That’s why this period of seemingly endless China policy inertia in the West—and the lack of a unifying framework with clearly defined end-states—needs to end and soon.

With the Cold War’s demise, Kremlinology, or the study of Moscow’s inner political workings, largely went out of style. (It has since come back into vogue following Russia’s invasion of Ukraine in February.) For China watchers, however, this sort of divining of hidden meanings has always been a mainstay, especially following a leadership shake-up. While top-level turnover in the Soviet Union often occurred after a leader’s passing, Chinese transitions have functioned like clockwork for more than a quarter century. What invariably followed each reshuffle were years spent by Western scholars parsing public speeches and essays in party journals in an attempt to uncover each new generation’s governing philosophy—and with it, China’s likely trajectory.

What makes Xi’s coronation a gift is that he has effectively laid nearly all of his cards on the table, with the single ace still up his sleeve being his Taiwan “reunification” timetable.

Time spent by Western governments studying each new leadership cohort’s intentions often came at the expense of formulating, revising, and executing their respective China policies. Meanwhile, Chinese leaders made the most of the West’s mystification and used that time to codify their policy agendas, first in private among the party elite and then later and only selectively with outsiders. More importantly, however, Chinese leaders capitalized on these nebulous interludes to take steps aimed at shaping, and in some cases neutralizing, actions by the West and other competitors that could undermine China’s position or revisionist aims.

One need look no further than the last Chinese leadership transition to understand how Western uncertainty about a new leader has benefited Beijing. Back in 2011, during former Chinese leader Hu Jintao’s final months in power, China overtook Japan as the world’s second-largest economy. China’s rapid rise raised serious questions in Western capitals about how Beijing profited from its connectivity to world markets despite stacking the deck against foreign firms seeking to tap into China’s lucrative market. Responsibility for allaying Western concerns (and buying much-needed time) fell to Xi at the start of his first term. That’s why, in a 2013 speech during the party’s Third Plenum, Xi hinted at a significant number of “decisive” economic reforms, including enhancing the role of the market—not the state—in determining the allocation of resources and capital. Xi’s liberalization language was directed at least in part at the outside world, and it went a long way in mollifying the West.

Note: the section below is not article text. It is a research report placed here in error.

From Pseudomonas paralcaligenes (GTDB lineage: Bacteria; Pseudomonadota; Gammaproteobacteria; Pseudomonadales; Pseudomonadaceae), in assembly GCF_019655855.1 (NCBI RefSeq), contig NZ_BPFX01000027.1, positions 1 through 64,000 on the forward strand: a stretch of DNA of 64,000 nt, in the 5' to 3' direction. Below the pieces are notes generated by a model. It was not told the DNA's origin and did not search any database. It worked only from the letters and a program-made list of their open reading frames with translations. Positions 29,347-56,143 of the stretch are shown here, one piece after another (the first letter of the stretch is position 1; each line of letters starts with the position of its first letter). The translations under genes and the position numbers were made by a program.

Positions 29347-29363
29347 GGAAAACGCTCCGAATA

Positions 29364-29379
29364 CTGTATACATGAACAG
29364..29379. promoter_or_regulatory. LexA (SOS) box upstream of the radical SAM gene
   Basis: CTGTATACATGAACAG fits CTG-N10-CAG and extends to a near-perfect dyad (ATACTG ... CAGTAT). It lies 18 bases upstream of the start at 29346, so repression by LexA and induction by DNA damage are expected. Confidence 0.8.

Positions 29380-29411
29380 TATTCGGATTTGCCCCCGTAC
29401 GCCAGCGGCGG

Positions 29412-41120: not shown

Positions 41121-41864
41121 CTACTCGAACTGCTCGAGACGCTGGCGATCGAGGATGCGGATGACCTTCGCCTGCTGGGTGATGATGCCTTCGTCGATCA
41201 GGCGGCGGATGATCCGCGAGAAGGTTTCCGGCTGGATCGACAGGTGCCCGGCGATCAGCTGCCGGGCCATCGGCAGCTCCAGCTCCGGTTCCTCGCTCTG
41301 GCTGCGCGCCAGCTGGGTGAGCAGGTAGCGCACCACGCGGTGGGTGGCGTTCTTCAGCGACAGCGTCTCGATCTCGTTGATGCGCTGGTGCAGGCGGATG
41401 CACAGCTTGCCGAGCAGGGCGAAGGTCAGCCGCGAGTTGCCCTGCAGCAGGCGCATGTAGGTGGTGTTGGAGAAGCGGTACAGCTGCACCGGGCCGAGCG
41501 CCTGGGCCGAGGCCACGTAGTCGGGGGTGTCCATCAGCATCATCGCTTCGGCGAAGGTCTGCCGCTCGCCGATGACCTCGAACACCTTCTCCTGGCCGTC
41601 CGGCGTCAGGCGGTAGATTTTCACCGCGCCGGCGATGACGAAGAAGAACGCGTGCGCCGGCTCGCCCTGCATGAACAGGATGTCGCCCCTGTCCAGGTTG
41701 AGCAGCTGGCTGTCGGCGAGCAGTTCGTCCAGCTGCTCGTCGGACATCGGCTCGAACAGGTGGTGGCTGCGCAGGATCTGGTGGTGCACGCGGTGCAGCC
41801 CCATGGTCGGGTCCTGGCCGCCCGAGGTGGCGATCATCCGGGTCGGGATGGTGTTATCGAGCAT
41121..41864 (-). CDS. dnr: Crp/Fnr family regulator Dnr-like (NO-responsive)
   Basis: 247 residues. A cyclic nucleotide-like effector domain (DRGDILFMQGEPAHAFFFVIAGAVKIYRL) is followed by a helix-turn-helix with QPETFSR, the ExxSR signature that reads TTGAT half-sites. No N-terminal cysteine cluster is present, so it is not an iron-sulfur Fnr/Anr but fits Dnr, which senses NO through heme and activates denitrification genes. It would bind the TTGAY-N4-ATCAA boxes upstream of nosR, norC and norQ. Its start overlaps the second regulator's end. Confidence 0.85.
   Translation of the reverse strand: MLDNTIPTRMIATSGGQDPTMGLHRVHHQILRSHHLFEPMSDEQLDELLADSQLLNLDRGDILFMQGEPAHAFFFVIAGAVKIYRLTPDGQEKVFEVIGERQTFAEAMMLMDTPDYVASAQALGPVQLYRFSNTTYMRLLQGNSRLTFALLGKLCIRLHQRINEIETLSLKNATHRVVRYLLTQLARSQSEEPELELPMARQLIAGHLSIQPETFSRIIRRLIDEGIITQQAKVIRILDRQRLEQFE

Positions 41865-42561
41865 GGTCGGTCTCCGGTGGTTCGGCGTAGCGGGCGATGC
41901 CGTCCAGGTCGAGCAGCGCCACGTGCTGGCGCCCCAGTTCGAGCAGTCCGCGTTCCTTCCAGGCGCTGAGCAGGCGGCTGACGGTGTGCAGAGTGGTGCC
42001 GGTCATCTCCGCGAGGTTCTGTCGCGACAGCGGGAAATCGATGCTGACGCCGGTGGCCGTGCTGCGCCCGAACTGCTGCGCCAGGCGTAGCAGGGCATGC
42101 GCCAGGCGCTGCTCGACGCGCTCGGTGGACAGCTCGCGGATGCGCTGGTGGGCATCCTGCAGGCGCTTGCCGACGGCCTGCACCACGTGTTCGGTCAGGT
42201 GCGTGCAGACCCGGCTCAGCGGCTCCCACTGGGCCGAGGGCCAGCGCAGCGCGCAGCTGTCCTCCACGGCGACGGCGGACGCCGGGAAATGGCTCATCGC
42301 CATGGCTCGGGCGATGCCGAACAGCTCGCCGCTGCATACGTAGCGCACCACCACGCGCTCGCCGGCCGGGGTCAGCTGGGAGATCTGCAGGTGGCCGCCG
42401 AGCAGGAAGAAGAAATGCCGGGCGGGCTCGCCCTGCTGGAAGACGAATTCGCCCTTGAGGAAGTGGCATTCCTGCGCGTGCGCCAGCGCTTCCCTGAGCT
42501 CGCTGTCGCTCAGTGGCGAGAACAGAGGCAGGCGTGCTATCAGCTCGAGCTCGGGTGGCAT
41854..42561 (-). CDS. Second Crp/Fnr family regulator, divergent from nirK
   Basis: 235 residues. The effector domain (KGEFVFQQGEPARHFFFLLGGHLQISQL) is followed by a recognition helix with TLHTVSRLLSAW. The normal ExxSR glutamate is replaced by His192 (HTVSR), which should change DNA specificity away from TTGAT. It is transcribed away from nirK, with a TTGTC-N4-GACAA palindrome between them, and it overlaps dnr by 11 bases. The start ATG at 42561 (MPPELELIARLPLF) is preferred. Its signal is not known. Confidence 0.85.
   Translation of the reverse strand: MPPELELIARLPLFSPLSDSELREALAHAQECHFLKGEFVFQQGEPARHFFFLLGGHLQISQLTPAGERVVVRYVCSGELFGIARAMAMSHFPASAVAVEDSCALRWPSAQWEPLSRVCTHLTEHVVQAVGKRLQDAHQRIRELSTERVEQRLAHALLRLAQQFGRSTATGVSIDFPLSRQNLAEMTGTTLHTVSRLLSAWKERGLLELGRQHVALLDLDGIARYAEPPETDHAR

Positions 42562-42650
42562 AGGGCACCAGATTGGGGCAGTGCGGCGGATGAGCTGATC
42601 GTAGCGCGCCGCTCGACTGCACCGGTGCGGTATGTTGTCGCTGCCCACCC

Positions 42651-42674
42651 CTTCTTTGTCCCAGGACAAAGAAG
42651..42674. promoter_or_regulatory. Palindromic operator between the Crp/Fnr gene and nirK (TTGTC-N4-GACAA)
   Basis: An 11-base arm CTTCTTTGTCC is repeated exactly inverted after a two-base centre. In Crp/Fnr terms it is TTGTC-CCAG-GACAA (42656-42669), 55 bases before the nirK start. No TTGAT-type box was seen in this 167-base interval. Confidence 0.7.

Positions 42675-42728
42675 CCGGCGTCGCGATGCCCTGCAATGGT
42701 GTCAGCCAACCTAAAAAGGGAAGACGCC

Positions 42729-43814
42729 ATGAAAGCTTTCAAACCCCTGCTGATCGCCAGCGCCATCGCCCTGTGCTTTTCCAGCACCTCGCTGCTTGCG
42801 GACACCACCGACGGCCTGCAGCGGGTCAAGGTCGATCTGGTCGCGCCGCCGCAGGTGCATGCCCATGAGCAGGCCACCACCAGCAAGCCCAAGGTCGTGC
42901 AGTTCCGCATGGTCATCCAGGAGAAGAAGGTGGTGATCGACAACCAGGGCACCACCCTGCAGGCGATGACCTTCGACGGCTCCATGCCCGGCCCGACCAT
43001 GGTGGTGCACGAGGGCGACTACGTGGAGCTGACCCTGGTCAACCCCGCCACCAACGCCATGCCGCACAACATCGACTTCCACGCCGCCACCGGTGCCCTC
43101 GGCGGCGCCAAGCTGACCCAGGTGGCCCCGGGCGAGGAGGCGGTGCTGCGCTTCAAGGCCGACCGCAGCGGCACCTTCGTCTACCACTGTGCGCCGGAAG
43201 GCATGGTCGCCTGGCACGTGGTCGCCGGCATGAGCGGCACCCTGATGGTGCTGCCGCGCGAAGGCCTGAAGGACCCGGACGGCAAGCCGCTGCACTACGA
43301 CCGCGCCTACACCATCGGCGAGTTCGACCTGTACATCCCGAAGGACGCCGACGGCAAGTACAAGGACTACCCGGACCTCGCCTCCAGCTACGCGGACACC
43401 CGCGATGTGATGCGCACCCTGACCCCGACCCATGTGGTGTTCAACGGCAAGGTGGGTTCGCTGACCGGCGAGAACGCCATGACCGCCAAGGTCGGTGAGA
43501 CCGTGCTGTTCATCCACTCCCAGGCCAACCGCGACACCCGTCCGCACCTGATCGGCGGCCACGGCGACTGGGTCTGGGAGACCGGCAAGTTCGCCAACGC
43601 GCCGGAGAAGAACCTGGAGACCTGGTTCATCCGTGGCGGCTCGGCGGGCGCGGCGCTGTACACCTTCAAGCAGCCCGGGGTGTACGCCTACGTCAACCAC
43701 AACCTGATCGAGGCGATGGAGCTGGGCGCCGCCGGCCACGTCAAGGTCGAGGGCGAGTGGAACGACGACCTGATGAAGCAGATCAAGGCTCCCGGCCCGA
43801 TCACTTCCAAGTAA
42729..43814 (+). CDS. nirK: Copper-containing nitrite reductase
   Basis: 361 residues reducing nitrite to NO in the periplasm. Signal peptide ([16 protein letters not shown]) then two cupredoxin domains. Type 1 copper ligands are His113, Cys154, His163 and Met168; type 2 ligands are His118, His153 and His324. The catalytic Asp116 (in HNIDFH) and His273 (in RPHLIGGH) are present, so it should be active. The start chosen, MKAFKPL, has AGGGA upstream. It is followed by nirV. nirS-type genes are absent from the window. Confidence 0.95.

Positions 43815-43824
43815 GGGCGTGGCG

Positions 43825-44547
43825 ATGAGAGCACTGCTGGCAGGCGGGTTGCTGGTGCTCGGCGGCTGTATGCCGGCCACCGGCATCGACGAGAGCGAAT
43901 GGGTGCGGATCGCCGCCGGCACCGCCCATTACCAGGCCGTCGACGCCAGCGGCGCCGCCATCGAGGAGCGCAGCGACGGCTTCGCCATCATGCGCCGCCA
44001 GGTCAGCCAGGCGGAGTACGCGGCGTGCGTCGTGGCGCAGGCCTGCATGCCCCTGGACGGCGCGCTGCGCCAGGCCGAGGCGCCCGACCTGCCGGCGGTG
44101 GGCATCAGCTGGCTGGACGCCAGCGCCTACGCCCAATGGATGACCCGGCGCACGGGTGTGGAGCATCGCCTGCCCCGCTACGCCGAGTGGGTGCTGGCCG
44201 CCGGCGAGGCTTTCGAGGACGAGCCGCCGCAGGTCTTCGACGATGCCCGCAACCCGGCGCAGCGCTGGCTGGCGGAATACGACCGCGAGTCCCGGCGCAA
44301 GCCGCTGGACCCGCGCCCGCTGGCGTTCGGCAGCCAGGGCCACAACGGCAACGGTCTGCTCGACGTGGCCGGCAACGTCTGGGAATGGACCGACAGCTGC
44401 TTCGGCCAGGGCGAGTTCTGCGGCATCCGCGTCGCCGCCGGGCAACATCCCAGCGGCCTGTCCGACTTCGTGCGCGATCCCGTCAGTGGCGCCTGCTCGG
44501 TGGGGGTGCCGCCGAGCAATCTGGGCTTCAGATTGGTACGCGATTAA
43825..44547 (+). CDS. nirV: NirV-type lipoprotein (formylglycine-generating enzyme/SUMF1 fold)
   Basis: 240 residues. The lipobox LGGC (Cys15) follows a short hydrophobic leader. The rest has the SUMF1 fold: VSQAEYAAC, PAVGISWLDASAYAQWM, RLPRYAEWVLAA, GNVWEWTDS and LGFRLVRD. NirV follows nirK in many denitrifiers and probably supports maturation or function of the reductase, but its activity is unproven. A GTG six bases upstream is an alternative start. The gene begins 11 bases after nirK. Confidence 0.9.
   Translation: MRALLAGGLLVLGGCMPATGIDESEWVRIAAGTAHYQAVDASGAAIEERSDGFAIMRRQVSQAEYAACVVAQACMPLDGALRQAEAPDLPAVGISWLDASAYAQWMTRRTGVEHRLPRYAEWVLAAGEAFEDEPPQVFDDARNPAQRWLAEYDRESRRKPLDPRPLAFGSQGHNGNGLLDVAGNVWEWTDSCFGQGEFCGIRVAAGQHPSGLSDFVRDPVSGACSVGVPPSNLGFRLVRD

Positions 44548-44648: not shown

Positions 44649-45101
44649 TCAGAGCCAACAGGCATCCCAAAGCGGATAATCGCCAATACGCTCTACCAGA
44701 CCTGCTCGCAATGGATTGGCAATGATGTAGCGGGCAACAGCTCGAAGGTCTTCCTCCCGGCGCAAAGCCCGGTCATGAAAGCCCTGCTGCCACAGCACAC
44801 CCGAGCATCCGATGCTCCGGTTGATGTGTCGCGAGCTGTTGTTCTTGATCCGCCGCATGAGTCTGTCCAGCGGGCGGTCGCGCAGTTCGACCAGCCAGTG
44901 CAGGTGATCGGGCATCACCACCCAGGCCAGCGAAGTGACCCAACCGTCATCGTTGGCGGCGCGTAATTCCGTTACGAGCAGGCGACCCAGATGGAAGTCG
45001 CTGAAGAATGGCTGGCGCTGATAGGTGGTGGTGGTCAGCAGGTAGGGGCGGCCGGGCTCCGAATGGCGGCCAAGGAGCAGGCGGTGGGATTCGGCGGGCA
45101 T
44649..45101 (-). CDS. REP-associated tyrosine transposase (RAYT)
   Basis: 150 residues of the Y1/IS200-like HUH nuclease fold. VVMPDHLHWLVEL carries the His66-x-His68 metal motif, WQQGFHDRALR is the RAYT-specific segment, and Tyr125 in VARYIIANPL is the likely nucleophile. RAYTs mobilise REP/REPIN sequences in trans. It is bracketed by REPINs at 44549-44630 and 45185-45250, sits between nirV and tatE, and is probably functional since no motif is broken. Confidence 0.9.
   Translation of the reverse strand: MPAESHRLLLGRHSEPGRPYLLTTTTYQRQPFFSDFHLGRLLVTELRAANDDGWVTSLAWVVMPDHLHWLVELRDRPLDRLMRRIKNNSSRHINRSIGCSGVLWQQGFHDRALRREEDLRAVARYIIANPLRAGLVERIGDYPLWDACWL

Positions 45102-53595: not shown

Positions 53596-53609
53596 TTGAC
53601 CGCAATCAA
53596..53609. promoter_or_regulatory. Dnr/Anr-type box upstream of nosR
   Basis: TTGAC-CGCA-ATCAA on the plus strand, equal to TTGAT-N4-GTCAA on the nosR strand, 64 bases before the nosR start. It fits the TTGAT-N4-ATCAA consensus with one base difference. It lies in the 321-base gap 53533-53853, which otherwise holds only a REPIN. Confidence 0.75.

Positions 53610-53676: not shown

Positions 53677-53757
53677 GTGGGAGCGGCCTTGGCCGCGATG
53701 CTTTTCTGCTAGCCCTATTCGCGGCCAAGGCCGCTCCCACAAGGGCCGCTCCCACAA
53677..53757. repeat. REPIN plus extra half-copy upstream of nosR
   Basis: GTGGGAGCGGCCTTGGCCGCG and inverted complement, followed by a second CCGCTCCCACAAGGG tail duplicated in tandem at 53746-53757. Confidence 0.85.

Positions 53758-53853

The international response to Xi’s overture, particularly from financial markets still reeling from the global economic crisis, was overwhelmingly positive. Observers hailed Xi as “bold,” with some calling him the second coming of Chinese reformer Deng Xiaoping. The Obama administration went on to champion cooperation with Beijing on “shared regional and global challenges” such as “economic growth” while eschewing serious measures to rein in China’s market abuses. Western companies and capital rushed into China, leading various stakeholders to pressure their governments to avoid confrontation with Beijing. Yet Xi spent the next decade thoroughly and systematically dismantling any hint of liberal economic governance. Instead, he deepened the party’s organizational integration throughout the commercial sector, wielding industry regulation and political control as both a sword and a shield.

The culmination of Xi’s efforts, articulated during this week’s Party Congress, is nothing short of a new ideology-infused economic order, in which the party-state’s ostensible ability to steer economic development and technological modernization is seen as maintaining a distinct systematic advantage over freer markets.